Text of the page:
I lit my Chanuka candles outside.  They blew out a few times so I dutifully relit them.  My younger host asked me about them.

Hmmm... Why is it we celebrate Chanuka again?  Oh yah, we won a civil war against the Romans in Israel I told him.  Afterwards I remembered that it was the Greeks.

He even went with me back to the port and got permission for me to leave my kayak there overnight with Charter Line, a company that runs snorkeling tours in the area.

So if you find yourself RVing in southern Italy, check out Sosta Camper Prajola for a great RV parking lot experience right next to the beach and under a mountain. Then have fun snorkeling with Charter Line.

[gallery type="rectangular" ids="2985,2986,2987,2988,2989,2990,2991,2992"]


Nautical miles paddled: 20

Totall since Napoli: 215.5

Current location: 38.390379,15.862739

Saturday, November 30, 2013



I haven’t had meat in months.  Kosher meat just isn’t available south of Rome.  I’ve been day dreaming about it.  Meat.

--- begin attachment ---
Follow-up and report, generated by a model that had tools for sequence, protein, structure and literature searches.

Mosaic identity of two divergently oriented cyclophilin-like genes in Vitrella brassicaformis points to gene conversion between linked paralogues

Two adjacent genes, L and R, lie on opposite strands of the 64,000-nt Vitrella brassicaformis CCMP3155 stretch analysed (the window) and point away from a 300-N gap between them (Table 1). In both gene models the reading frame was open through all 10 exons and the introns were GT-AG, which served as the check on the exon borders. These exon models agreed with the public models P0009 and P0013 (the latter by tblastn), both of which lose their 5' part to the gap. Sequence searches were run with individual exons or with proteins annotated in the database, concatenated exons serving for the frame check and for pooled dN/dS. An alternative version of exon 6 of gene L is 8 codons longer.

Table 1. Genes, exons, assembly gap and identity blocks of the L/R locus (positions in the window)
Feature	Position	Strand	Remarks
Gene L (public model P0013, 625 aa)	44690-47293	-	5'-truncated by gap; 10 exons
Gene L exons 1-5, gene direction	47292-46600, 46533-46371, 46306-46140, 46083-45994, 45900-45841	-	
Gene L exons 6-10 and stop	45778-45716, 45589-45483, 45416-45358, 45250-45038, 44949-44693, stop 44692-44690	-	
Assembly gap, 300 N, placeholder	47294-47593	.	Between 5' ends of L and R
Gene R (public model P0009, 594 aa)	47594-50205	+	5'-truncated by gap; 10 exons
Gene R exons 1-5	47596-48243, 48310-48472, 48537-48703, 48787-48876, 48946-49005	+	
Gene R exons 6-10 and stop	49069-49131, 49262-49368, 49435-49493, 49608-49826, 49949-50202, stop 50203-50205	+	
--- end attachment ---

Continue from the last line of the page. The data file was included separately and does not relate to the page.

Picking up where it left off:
More bad weather.

For most of this week, the weather forecast for tomorrow was always good.  But when I checked it again in the morning, it would be borderline leaning towards bad.

This weekend however is terrible.  It looks like the only way I’ll make it is if I paddle on the borderline days.  It may not be fun like paddling on a good day, but it’ll be more fun than being stuck.

A Jewish family in Regio Calalbrio invited me to join them for Chanuka.  They drove for an hour to pick me up at the port in Pizzo.  

When they got there they called me, “Hi, we’re here in Pizzo!”

I walked a hundred feet so I could see the enormous sign at the entrance to the port - TROPEA.

They drove for another half hour to pick me up there.  

They took a large chunk of lamb out of their freezer for Chanuka and my visit.  Their house has a roof, and a shower, a toilet, a warm bed with a pillow, a wood stove, and lots of cake fresh out of the over.  

Behind the beach neighborhood are mountains, and on Friday I ran in them.  There’s some kind sharp thorny plant that grows all over the place and kept pricking my bare feet, but I would hobble a bit, try to pull the thorn out, and keep on going.

I ran through the mountains between big rocks and low scrubs. I jogged past a farm in the middle of nowhere that had massive herds of goats.  I ran along streams and through an abandoned village, and after an hour I turned around and ran back.